Hermes Beckons: Accepting What’s Invisible Is Difficult
Shasta put the phone down and, uttering a long sigh, sank into the chair. The call from her older sister Melody was expected but still deeply unsettling. Her mother had been taken to the hospital, and now it was a matter of days before she would leave this world.
Her mother, Catherine, was dying from lung cancer. The chemotherapy treatment was perhaps prolonging her life for a few months even though its debilitating effects were weakening her spirit to live. According to Melody, their mother was letting go, indicating in many small ways that she wanted to leave regardless of the effects of chemotherapy. “She’s willing herself to go, Shasta. No doubt about it.” Melody’s voice resounded in her mind. It was probably for the best. Why live and suffer so much?
Catherine Lewis was eighty-six and had lived a fruitful life. She had the joys of her time and the sufferings too. When her husband Craig and son Elvis had died in the tragic accident with a logging truck, she had showed strength and fortitude. She refused to be caught in a morass of sorrow and overcame her sadness to regain her life’s journey. The deaths were numbing, yet her spirit rekindled, and she led her daughters away from treacherous self-pity. As Shasta grew older, she saw her mother as an exemplar of the life-force focused on its destiny. Don’t give in to sorrow or self-pity. Focus on what needs to be done and do it! Yes, her mother had courage. She was tough.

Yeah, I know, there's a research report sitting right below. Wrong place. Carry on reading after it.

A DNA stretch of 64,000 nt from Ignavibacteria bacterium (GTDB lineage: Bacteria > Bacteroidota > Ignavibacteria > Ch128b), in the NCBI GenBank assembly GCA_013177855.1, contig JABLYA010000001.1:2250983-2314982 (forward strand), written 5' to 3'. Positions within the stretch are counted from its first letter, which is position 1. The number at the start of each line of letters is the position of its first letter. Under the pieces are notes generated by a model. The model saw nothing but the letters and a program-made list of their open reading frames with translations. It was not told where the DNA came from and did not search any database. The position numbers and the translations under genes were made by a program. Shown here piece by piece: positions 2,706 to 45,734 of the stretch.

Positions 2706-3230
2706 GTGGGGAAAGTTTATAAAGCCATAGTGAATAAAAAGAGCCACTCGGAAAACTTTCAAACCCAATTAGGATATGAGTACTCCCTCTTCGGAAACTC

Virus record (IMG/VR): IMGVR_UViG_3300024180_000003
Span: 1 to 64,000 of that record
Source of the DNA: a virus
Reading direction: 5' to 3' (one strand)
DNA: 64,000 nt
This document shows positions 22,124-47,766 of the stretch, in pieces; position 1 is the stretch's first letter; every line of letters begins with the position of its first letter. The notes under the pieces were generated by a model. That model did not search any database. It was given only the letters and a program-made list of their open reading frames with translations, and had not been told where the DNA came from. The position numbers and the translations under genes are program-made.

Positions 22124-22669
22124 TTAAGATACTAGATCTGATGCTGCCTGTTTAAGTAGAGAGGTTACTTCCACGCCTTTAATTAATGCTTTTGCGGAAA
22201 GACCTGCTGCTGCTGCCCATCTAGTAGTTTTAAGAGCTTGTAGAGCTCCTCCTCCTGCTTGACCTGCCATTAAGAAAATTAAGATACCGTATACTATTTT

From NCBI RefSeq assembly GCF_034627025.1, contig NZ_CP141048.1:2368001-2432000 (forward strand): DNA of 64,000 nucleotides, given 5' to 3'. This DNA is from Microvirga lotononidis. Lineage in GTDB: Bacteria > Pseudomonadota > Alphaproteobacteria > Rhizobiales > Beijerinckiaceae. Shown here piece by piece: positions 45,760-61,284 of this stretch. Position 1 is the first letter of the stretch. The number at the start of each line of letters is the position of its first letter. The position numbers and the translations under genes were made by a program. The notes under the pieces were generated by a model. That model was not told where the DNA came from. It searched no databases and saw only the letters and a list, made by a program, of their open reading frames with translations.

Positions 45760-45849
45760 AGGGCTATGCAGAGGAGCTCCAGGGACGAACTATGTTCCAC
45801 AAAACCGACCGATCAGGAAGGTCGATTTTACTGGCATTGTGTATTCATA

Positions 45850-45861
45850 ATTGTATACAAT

She knew that Melody was correct. Catherine was not one to try to hang onto life as long as possible. Quality was more important than longevity. Having made her decision, she was ready to move on to the next stage in her destiny. Suddenly, an intensely religious feeling fell over Shasta, and she burst into tears. Sobbing, she grabbed some Kleenex and wiped her eyes. It was better to go with her feelings than to fight them. Courage in the midst of sorrow—her mother’s legacy.
Now she needed to make preparations for the trip to Dunsmuir, nestled in the foothills of Mount Shasta in northern California. She had grown up along the banks of the Sacramento River as it flowed southward. Even though she had resided in several other towns and cities after leaving Dunsmuir for college, her birthplace still held a special meaning. Important early influences had happened there, shaping her as she was now.